Wednesday is the much anticipated 50th anniversary of Martin Luther King’s “I Have A Dream” speech, and for me it marks a related but more personal memory. That occasion in 1963 was the only time in my entire childhood my father spent a night away from home. As such it left an indelible impression.
My father was the district administrative assistant to Pittsburgh Congressman Bill Morehead. It was a demanding job yet he managed to be home by 5:30 for dinner every evening. My mother suffered from depression and while she enjoyed many happy times, the fragility of her mental health was ever-present. The hours my dad was at his office, though just a few minutes away, were especially hard for her. She spent many afternoons with her fingers between the venetian blinds watching for him to walk down the street from the bus stop. He was careful to never be gone for long.
But 50 years ago today, he boarded a bus filled with civil rights and labor leaders for the long, hot ride from Pittsburgh so that he could be on the National Mall the next afternoon to hear King’s speech. It meant spending that one night out of town, something he’d never done before or since.
My father was the least preachy man I’ve ever known. When he taught, it was by quiet example. The fact that he’d be away overnight – something routine for many of us in our jobs today – was anything but routine for him and our family. For 50 years I’ve had this unusually intimate sense of how important King’s speech was, not because of the history books, commentators or monuments to him, but because of what seemed to my mom, sister and me like a monumental journey on my father’s part – an absence that signified his presence to something larger than ourselves, a minutely small sacrifice in the scheme of things that spoke volumes to us about the historic import of the day.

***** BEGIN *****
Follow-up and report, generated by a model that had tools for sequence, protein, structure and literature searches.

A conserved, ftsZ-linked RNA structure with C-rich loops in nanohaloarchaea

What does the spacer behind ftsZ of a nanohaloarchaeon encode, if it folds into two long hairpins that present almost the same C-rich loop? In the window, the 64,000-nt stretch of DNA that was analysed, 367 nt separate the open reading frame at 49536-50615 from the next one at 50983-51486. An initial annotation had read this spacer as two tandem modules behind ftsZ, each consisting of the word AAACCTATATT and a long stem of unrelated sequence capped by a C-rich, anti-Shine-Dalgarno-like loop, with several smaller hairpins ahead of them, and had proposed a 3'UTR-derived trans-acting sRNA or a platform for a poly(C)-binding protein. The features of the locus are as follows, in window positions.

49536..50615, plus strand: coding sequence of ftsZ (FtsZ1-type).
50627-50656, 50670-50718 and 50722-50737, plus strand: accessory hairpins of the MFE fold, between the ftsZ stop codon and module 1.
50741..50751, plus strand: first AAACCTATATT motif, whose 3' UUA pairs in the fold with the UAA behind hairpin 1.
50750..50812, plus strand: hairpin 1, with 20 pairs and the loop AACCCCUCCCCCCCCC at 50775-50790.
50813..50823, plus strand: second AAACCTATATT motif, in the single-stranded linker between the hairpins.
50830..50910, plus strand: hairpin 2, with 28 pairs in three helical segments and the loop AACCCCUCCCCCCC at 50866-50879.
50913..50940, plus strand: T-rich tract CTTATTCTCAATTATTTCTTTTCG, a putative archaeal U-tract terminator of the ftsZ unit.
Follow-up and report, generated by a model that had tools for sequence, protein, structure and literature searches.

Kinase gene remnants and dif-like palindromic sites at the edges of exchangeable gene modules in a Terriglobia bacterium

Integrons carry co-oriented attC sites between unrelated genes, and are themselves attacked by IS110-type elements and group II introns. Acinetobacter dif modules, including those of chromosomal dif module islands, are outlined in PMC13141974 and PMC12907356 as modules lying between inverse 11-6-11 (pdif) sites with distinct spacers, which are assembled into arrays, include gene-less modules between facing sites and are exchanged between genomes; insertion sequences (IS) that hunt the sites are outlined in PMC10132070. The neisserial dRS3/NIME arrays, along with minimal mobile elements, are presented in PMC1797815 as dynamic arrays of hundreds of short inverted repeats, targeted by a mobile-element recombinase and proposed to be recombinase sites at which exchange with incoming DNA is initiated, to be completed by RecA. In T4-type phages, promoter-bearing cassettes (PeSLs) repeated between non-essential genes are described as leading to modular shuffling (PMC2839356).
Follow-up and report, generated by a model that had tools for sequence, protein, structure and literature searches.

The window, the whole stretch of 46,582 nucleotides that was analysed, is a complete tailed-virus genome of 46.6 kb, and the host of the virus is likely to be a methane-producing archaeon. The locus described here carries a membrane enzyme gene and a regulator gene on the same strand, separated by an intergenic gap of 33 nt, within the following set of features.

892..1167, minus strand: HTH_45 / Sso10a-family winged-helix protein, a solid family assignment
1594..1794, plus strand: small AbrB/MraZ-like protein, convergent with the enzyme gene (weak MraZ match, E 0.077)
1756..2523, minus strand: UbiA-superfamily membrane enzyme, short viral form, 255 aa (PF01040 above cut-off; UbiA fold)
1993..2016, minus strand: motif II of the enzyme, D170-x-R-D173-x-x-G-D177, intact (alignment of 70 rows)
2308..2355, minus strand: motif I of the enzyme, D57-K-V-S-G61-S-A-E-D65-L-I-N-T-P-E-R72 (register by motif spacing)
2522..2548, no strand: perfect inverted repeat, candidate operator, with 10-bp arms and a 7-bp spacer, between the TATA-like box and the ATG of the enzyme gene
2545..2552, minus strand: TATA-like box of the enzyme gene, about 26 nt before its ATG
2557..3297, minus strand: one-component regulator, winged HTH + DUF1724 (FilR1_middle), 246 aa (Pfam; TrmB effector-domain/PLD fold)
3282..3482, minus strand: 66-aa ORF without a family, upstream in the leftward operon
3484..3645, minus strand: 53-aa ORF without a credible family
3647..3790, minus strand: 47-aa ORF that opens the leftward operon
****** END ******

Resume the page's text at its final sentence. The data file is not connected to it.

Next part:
President Obama on Wednesday will stand where Dr King stood and is expected to assert that we’ve come a long way in 50 years but still have a long way to go I hope he will echo the concern King spoke of for those on “a lonely island of poverty in the midst of a vast ocean of material prosperity.”
As an eight year old I learned a little something from my father that August day half a century ago about the importance of civil rights, equality and justice. But I also learned about the importance of devotion to work that matters, and doing such work with colleagues whose talent and character you admire. For a career that has offered me both of those privileges I am grateful to him – and to them.
p.s. The text of King’s speech can be found at @ http://abcnews.go.com/Politics/martin-luther-kings-speech-dream-full-text/story?id=14358231